A registered agent, known in Vermont as an “agent for service of process,” is a person or business that receives legal documents for a business.
Vermont Statutes Title 11 Section 4007 says all LLCs must have an agent for service of process in the state. Your registered agent must keep an office in Vermont and be available during standard business hours to receive service of process.
Receiving service of process is a legal phrase that means accepting the papers that are sent when a person or business gets sued. So, if your LLC is involved in a lawsuit, the documents will be sent to your Vermont registered agent for service of process.
Many new LLC owners think they should just serve as the registered agent themselves. And there are some benefits to doing so:
- It's cheap: You're not paying someone else to do it for you.
- It's easy: The only address and contact information you have to keep current is your own.
- It's reliable: You will receive all important documents personally.
However, you should know that being your own LLC’s agent for service of process can create risks and cause problems.
Some issues that you might face include:
- No privacy: Your name and address will be published on the Secretary of State's website. This means that anyone with an internet connection can find your personal information.
- Junk mail/spam: You will get a ton of junk mail in addition to a small amount of real mail and any service of process.
- No breaks: You also must be available at all times during regular business hours to receive documents. This means no vacations, sick days, or leaving the office for lunch.
- Business interruptions: Client meetings can be interrupted by people serving process. That could be embarrassing or hurt your reputation.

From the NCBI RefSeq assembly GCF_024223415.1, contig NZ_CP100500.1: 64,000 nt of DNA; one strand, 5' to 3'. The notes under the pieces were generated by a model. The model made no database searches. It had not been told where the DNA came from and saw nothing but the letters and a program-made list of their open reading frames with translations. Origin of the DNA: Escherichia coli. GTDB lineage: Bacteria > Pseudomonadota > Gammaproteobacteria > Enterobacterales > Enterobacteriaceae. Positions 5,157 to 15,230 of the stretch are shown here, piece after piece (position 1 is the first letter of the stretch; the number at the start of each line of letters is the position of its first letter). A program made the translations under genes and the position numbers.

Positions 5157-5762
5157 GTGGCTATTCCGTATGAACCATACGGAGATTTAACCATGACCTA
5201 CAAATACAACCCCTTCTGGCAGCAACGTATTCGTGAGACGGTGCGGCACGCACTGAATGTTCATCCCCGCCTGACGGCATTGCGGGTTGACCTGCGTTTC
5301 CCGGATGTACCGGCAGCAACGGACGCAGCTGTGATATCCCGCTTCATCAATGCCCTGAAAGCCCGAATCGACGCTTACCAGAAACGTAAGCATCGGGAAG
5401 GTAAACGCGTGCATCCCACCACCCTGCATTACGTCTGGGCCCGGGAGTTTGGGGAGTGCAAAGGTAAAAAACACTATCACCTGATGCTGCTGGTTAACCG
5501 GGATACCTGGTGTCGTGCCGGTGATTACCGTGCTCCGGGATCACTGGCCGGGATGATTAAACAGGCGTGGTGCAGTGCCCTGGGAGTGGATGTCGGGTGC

- It's your fault if you miss something: You always have to make sure your address is correct and up to date. If you make a mistake or miss something, you are held responsible.
This is why we suggest using a professional registered agent service for your LLC. It costs about $100 per year, and you’ll be informed immediately if your business receives any documents.
If you are looking for a professional registered agent service, take a look at our Best Registered Agent ranking for some of our recommendations.
If you plan to do business in another state, each state will require you to register as a foreign LLC and appoint a registered agent.
In these cases, we suggest that you hire a national registered agent service. That way, one business can serve as your registered agent in every state where you need to have one.
Step 3: File Your Vermont LLC Articles of Organization
Articles of Organization are a document that lists vital data about your business. You must submit them to the Vermont Secretary of State to officially start your LLC.
If you would like to avoid the hassle of handling your LLC filing yourself, you can also use a professional LLC formation service. Check out our Best LLC formation services article for some of our suggestions.
What to include in my Vermont Articles of Organization?
Vermont Statutes Title 11 Section 4023 says your articles of organization must include:
- The LLC's name.
- The address of the initial designated office.
- The name and address of the registered agent.
- The name and address of each organizer.
You can file your Vermont articles of organization with the Secretary of State’s Online Business Service Center.
Vermont LLC Filing Fee
According to the Secretary of State’s Fees list, the filing fee for Vermont LLC articles of organization is $125.
Read More: How Much Does It Cost to Form an LLC in Vermont
Vermont LLC Processing Time
Online filings will typically be processed in less than one business day. Any filings received by mail will require 7 to 10 business days for processing, so we suggest filing online whenever possible.
Step 4: Draft your Vermont LLC Operating Agreement
An LLC operating agreement sets the ground rules for how your business should run. It also assigns each member's rights and responsibilities.
You aren’t legally bound to make an operating agreement for your Vermont LLC. Still, it can be advantageous to decide how the LLC will operate before you open for business. An operating agreement helps align the members’ expectations and can help prevent future confusion.
For example, say an LLC owner wants to leave the business. The operating agreement would spell out the process for selling their interest. It could also establish steps for reassigning their duties after they are gone.